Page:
Read an interesting column in the Guardian the other day which argued against hope in certain circumstances. The author, Oliver Burkeman, argued that what is often called hope is really deception—hoping for things which are virtually impossible. For example hoping that one wins the lottery or that the victims of an accident have survived when their deaths are near certainties.
By contrast letting go of hope often sets us free. To support this claim he refers to “recent research … suggesting that hope makes people feel worse.” For instance: the unemployed who hope to find work are less happy than those who accept they won’t work again; those in the state of hoping for a miraculous cure for a terminal disease are less happy than those who accept the hopelessness of the situation; and many become more active in working for change when they stop hoping for others to do it. Perhaps there is something about giving up hope and accepting reality that is comforting.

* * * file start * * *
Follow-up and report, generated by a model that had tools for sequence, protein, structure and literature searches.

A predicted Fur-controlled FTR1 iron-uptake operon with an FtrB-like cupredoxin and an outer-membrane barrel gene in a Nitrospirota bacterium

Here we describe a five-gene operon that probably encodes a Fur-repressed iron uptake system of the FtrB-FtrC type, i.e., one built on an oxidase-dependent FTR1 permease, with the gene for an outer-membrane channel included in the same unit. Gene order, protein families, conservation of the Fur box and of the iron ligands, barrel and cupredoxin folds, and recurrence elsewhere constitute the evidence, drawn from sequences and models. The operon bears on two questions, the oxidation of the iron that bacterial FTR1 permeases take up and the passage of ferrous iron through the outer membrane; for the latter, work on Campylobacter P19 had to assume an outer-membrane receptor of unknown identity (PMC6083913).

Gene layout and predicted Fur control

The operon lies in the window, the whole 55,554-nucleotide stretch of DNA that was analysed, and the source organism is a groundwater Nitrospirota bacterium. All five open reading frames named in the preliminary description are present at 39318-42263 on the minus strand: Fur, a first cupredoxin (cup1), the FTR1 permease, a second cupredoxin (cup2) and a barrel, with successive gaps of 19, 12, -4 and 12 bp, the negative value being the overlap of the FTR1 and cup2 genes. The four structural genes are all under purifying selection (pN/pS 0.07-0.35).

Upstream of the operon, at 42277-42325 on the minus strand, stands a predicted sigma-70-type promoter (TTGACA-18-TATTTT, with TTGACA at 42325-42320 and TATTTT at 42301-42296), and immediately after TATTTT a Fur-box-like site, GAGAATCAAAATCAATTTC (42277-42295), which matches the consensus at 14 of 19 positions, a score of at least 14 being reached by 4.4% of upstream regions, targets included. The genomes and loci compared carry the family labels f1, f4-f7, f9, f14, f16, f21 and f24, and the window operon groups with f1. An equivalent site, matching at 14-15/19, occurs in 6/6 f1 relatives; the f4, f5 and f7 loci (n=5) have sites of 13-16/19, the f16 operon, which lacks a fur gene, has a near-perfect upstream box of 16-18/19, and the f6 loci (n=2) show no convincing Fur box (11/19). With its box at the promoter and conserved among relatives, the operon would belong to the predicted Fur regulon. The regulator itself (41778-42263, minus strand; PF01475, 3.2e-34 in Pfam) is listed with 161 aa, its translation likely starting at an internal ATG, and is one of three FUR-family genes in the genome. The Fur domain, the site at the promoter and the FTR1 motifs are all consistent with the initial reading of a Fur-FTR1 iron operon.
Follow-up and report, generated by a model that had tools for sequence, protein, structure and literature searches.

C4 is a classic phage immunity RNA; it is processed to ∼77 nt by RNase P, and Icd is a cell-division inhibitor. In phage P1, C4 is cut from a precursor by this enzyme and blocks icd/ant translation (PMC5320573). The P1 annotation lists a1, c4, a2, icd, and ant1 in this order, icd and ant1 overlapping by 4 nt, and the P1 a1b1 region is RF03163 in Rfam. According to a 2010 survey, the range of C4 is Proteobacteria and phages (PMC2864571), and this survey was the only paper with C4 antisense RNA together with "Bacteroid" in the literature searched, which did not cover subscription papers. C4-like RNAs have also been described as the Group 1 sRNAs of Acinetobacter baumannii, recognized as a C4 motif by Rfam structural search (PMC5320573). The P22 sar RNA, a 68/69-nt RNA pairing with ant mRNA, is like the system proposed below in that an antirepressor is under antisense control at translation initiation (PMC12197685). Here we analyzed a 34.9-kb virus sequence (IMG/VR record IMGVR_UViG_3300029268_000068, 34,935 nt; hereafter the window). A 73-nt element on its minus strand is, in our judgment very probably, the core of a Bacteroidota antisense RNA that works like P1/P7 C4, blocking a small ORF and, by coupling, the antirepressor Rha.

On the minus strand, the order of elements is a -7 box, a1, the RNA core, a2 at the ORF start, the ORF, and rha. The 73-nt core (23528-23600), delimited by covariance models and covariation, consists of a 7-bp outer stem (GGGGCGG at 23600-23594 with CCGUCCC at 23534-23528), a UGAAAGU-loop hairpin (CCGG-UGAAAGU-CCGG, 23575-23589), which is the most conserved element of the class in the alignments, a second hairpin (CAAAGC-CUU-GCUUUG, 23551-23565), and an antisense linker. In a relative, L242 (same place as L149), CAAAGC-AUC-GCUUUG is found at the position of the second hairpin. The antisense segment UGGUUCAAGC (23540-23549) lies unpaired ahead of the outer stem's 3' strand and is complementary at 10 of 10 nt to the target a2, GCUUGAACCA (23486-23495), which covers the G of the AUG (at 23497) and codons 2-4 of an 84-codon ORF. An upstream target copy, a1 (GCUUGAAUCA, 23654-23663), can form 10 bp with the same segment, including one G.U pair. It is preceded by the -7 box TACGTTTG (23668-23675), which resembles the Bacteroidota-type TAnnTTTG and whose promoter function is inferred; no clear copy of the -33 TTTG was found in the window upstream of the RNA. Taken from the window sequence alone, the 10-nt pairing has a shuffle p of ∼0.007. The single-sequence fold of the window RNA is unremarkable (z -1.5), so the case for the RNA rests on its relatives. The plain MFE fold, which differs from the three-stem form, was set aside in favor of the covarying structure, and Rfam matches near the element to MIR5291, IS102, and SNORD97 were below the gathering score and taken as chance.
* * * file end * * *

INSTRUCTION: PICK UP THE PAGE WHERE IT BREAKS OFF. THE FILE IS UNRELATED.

Reflections – I generally stress the importance of hope—that we should hope for the best, that life has meaning, that justice prevails, etc. Still Burkeman is correct that false hopes are futile, and lead to inevitable disappointment. If I hope to become the world’s most famous author or greatest tennis player, my expectations are bound to be dashed. Much better to hope that I enjoy writing and tennis despite my shortcomings in both.
So when confronted by the reality of the concentrations camps, Victor Frankl did not hope to dig his way out of his prison. That was not possible, and such hopes would soon have been thwarted. Instead, he controlled his own mind, and (probably) vaguely hoped for something realistic—that the war would end and he might be freed. That is the difference between false and realistic hope. The former is delusional, the latter worthwhile. Sometimes only fools keep believing; sometimes you should stop believing.